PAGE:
Although no one knew it at the time, Superunknown was released a month before Kurt Cobain took his own life, and it’s really the last grunge album that sounds fully whole as a result. I still consider Pearl Jam’s Vitalogy and the Foo Fighters’ debut, which were released in November 1994 and July 1995, respectively, to be grunge albums, but the cracks were clearly beginning to show by then. Soundgarden had achieved broader success with Badmotorfinger in 1991, but it lacked the pop hooks of Nevermind and the earnest rock & roll of Ten. It was more of a metal record, with a lot of sludge and grime on it characteristic of early grunge. And while I love Badmotorfinger, I’m not surprised in the least that the masses fawned over Nirvana and Pearl Jam instead.
When Soundgarden returned two and a half years later with Superunknown, anticipation was sky-high. The world was hungry for grunge, post-grunge and fake grunge, so when the godfathers of the movement released their sprawling, 70-minute set Superunknown, it was another instant classic in alternative rock. This time around, Soundgarden had loaded their disc with hit singles, as “Spoonman,” “Black Hole Sun” and “Fell on Black Days” all became modern rock classics. And then Cobain shot himself, leaving the grunge scene in disarray. Superunknown, with its darkly psychedelic, distorted reality, became the soundtrack of the summer, and “Black Hole Sun” became the biggest hit of Soundgarden’s career. Musically, I’m not sure there was ever a better grunge record, and in fact I would even go as far as to call it the high-water mark of the entire grunge movement.
Unfortunately, it just wasn’t meant to last — 1994 was an undeniably tumultuous year for grunge and alternative rock. On January 25, Alice in Chains released an awesome acoustic EP called Jar of Flies that featured a bunch of classics like “Rotten Apple,” “Nutshell” and “No Excuses.” On March 8, Soundgarden released Superunknown, and a month later, Nirvana’s Kurt Cobain was found dead. And when grunge started to sputter, the music industry swooped in and kept it going with a slew of “post-grunge” acts of varying quality. The first grunge band of questionable integrity were the Stone Temple Pilots. Somehow they have always been lumped in with Seattlites Nirvana, Pearl Jam, Soundgarden and Alice in Chains, despite hailing from San Diego. They also didn’t release their first record until 1992, so I would label them the first of these so-called post-grunge bands.
Their 1992 debut Core shifted over eight million copies, and their follow-up Purple sold six million copies upon its release in June of 1994. I don’t really listen to Stone Temple Pilots, but I have heard their songs on the radio countless times. They weren’t the only ones before long though, as the record labels started producing more radio-ready post-grunge in the hopes of selling records. (Kurt Cobain satirized this practice by writing a song called “Radio Friendly Unit Shifter” on the In Utero album.) As you can probably guess, anything grunge-sounding was just flying off the shelves back then. I don’t really have anything against STP, it’s just that their songs clearly lack character, which is something all post-grunge bands struggle with to some degree.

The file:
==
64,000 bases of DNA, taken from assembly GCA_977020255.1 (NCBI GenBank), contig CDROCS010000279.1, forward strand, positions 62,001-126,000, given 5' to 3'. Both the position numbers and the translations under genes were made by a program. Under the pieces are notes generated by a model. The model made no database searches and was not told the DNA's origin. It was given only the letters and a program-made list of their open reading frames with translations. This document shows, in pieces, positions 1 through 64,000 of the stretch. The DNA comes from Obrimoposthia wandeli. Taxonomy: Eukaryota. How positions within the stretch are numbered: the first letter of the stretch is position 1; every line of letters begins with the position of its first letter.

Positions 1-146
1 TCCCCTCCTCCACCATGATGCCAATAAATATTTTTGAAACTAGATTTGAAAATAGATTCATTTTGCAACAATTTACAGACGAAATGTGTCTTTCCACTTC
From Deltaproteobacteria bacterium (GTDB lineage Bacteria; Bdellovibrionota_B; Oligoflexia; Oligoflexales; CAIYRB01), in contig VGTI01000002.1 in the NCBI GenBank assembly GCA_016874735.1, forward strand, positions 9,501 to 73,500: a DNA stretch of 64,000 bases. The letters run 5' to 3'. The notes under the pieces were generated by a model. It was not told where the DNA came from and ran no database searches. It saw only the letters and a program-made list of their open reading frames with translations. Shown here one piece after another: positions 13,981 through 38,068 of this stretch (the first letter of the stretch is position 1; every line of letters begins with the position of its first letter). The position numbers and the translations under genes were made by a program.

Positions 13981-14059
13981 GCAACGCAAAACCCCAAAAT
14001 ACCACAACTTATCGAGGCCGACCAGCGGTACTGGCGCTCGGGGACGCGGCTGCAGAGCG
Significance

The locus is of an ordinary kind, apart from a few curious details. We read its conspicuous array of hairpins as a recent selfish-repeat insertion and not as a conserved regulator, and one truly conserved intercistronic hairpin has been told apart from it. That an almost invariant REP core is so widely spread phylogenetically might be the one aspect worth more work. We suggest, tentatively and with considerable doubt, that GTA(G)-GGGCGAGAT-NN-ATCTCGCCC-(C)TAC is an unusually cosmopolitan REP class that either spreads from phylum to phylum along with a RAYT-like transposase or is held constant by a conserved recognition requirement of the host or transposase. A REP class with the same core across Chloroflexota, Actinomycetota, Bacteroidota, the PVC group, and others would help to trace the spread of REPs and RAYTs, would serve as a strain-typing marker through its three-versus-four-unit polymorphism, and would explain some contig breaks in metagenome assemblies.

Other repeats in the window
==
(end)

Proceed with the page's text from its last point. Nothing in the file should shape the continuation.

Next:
Probably my favorite of these post-grunge albums is Live’s Throwing Copper, released just a couple of weeks after Cobain’s death, which features two of the greatest songs in alternative rock, “Lightning Crashes” and “I Alone.” Live draws its inspiration from R.E.M. more than any specific grunge heavyweight (particularly in the way they basically steal Michael Stipe’s vocals), but a criticism I have of Throwing Copper is that its texture is very monochromatic. It’s impossible for Live to overcome this particular flaw because they’re playing a type of music that isn’t really theirs. The interesting thing about grunge is that it’s impossible to truly replicate. It’s not like the blues where there’s a scale you learn and while there are different regional variations, the blues is the blues, and anyone can learn to play it. Grunge didn’t work that way.
Alice in Chains, Soundgarden, Pearl Jam and Nirvana all sounded very different from one another and approached songwriting from completely different angles. The truth is, there really is no “grunge sound” per se. (It’s kind of an invention of the media.) You don’t pick up a guitar and play grunge, you play a song by Alice in Chains, Soundgarden, Nirvana or Pearl Jam. It’s always specific, not generic. Unfortunately though, it made things more convenient from an industry perspective to think of it in such a generic way, and ever since labels have been trying to reproduce that grunge sound with fading success. Throwing Copper was a big hit, eventually going eight times platinum, but big alternative albums just don’t come along anymore. Another big post-grunge album from 1994 was Bush’s Sixteen Stone, which wound up selling six million copies in the United States.
Frankly, that’s six million more than a wannabe grunge band from England with a horrendous singer should have ever sold. (Seriously, how fake is that? Talk about not being from Seattle.) But if you want the white meat, the good stuff, the real deal, listen to Superunknown. Incidentally, my favorite part of the recent Pearl Jam Twenty documentary was when a journalist in the late ’90s asked Pearl Jam rhythm guitarist Stone Gossard something along the lines of, “Do you worry about the waning popularity of grunge?” His bewildered response: “I don’t even say that word.”